No One’s Forcing Ted Cruz to Marry a Guy

Finally, Ted Cruz is leading marketer of the “same-sex marriage is a threat to religious liberty” nonsense. Simply put, Cruz believes that marriage equality will strip anti-gay religious people of their First Amendment rights. Cruz and others believe that, for example, a business should be able to refuse service to gay people because the Bible forbids homosexuality. Just a few days ago, Cruz said:

[T]he federal government and unelected judges cannot set aside the democratically-elected legislatures’ reasonable decisions to enact and protect traditional marriage. […] If the courts were following the Constitution, we shouldn’t need a new amendment, but they are, as you put it quite rightly, making it up right now and it’s a real danger to our liberty.

It’s a wafer-thin argument that we’ve seen before. First of all, the Bible forbids a lot of mundane things (eating shellfish, trimming your beard), and permits a lot of really awful things (slavery, child abuse).

Furthermore, no judge or lawmaker is pushing a law that mandates Christian men to have sex with other men, the so-called “abomination” that the Bible forbids. Conversely, there’s nothing in the Bible that forbids Christians from selling cakes or otherwise doing business with homosexual people. So anti-discrimination laws aren’t forcing Christians to violate biblical dogma in any way, thus these rulings aren’t violations of religious liberty. And Ted Cruz is an idiot.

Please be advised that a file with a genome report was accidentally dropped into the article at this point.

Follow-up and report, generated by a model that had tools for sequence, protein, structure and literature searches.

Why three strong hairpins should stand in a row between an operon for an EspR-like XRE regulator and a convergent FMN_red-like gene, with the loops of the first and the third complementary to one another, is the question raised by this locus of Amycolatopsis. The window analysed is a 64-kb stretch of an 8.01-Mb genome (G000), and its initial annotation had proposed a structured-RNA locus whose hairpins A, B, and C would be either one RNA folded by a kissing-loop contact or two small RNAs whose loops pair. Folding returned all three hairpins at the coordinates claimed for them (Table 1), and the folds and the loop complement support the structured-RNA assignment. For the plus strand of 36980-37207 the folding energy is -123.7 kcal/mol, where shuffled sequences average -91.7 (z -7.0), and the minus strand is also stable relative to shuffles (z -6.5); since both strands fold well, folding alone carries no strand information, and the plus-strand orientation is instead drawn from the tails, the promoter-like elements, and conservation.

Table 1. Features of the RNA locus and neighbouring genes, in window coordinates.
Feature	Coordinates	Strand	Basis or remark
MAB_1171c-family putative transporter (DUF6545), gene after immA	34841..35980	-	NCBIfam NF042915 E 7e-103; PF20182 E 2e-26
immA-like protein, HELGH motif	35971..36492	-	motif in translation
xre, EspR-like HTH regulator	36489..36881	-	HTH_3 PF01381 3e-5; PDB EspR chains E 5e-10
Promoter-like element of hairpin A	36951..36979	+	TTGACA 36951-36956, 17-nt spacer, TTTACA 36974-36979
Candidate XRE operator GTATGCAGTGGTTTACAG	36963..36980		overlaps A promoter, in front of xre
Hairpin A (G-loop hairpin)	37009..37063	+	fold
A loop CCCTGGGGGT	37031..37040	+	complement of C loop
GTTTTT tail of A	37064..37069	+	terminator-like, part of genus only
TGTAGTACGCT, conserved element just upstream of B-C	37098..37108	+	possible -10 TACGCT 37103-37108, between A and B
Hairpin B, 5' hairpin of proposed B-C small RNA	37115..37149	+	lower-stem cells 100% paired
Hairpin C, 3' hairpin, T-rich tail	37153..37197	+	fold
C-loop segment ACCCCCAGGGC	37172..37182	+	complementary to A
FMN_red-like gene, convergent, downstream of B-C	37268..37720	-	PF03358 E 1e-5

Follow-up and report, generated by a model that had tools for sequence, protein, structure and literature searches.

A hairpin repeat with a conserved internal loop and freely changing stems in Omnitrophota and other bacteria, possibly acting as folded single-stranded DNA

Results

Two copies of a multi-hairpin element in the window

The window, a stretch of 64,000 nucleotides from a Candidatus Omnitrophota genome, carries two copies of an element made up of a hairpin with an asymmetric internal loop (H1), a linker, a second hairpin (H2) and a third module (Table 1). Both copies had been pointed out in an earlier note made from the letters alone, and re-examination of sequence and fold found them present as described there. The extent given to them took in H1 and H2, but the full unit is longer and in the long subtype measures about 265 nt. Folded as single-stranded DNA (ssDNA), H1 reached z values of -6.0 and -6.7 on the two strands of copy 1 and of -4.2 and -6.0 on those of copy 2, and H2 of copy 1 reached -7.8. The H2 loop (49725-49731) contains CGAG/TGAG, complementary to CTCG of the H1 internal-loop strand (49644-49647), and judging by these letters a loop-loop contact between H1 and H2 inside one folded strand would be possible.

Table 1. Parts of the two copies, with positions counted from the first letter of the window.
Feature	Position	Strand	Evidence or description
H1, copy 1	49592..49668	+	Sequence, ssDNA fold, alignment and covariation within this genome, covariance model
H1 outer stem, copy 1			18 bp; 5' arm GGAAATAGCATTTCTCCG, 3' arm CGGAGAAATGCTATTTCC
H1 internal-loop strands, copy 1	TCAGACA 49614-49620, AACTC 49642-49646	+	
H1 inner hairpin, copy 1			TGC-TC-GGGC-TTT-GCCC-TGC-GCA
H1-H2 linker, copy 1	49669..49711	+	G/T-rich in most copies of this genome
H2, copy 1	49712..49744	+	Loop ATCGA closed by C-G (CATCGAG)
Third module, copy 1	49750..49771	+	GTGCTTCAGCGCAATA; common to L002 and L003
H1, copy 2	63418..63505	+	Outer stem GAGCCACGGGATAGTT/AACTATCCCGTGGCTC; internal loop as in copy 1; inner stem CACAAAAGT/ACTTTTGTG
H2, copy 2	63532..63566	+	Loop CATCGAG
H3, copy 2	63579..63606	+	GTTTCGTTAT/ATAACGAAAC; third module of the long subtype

Anything Else?

Yes, he’s also an insane conspiracy theorist:

Ted Cruz is a hardlined paleoconservative who represents the GOP’s harrowing conjugal union with the tea party. He’s a political demon whose soft-spoken persona and sad-clown eyebrows allow him to get away with the most poisonous Obama Derangement Syndrome fappery in Congress. He represents the new GOP cynicism, elevating anti-Obama pandering to his unglued base above actual governing.

But worry not. Ted Cruz isn’t win a damn thing other than a bump in his speaking fees due to his newly ordained status as a “presidential candidate” which is why he’s running in the first place.

 

Tour the Solar System AT THE SPEED OF LIGHT

An eye-opening new video really puts the sheer size of the solar system in perspective. It shows that even if you travel at the speed of light (186,000 miles per second), the trek from the sun to the Earth and other planets takes a really long time.

The 45-minute-long video, created by Los Angeles-based artist Alphonse Swinehart and posted on Vimeo Jan. 26, starts at the sun and zooms out into the solar system. You reach the Earth and our moon at around 8:20, and the journey ends after reaching Jupiter and its moons at around 43:20.

Watch and feel insignificant:

Don’t Tell Me What to Do!